Rockefeller, Cantwell to airlines: Prove you're not keeping lost FAA taxes

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Rockefeller and Cantwell's letter went to 12 airlines: Delta Air Lines, United-Continental, American Airlines, Southwest Airlines, US Airways, Alaska Air Group, JetBlue Airways, Republic Airways Holdings, Hawaiian Airlines, Spirit Airlines, Virgin America and Allegiant Air.

The funds at issue would normally be deposited into the federal Aviation Trust Fund. However, the money has not been deposited into the trust fund for almost a week because the last appropriations bill for the FAA expired last Friday at midnight. The following day, about 4,000 FAA workers were furloughed.

The House and Senate have remained gridlocked almost a week later.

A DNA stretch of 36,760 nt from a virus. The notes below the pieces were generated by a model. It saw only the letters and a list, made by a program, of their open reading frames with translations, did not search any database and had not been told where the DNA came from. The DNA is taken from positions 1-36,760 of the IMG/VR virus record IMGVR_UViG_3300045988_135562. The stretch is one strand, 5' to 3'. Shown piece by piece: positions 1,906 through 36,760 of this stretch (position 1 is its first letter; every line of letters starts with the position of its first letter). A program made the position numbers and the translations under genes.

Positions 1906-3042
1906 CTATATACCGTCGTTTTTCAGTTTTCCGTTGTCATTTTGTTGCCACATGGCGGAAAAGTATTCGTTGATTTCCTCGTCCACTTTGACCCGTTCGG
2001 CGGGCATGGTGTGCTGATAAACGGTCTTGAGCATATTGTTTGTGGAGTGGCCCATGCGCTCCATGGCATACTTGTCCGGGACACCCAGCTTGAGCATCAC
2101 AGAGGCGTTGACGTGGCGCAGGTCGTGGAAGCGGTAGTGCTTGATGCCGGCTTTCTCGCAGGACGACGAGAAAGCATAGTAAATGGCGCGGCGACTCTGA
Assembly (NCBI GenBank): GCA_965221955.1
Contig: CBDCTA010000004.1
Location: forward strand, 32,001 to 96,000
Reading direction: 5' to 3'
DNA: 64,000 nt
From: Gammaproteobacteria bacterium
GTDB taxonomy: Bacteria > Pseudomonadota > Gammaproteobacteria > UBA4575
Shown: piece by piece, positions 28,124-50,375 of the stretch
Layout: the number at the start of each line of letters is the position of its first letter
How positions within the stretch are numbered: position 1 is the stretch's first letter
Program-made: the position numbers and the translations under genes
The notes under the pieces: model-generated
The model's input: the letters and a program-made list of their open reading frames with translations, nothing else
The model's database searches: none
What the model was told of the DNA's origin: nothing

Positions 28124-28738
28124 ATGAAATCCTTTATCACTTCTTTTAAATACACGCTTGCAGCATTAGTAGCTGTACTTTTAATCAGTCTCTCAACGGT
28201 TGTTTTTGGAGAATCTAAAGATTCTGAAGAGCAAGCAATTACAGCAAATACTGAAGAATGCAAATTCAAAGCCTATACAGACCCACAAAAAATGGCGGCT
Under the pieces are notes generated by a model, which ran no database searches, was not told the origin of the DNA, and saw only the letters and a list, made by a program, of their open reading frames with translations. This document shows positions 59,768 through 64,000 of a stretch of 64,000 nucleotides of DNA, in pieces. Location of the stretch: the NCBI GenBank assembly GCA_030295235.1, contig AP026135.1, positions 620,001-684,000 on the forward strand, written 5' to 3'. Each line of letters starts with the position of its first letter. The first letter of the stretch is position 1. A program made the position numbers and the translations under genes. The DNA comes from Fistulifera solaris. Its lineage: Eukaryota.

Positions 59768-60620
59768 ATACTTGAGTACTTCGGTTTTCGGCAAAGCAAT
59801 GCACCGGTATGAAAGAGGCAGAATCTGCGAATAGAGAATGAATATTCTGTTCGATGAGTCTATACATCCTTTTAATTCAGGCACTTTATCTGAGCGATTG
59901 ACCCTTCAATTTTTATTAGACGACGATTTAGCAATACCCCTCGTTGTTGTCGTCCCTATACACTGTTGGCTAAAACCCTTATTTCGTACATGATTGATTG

The bill is being held up by a provision in the House version of a short-term extension of the FAA funding bill that eliminates some subsidies for rural air service through the Essential Air Service program. A longer-term bill has been bogged down by a House effort to undo rules on unionization of railroad and airline employees that would make it harder for them to vote to collectively bargain.

The FAA has not had a long-term authorization bill since the last measure that was passed in 2004 expired in 2007.

Earlier Thursday, Transportation Secretary Ray LaHood criticized airlines for keeping the lost FAA revenue.

"These are people who are planning a vacation," he said during a White House press briefing Thursday. "People who are buying tickets, who are living on a budget.

"That's not right, and I've made that known to them," LaHood said of the airlines.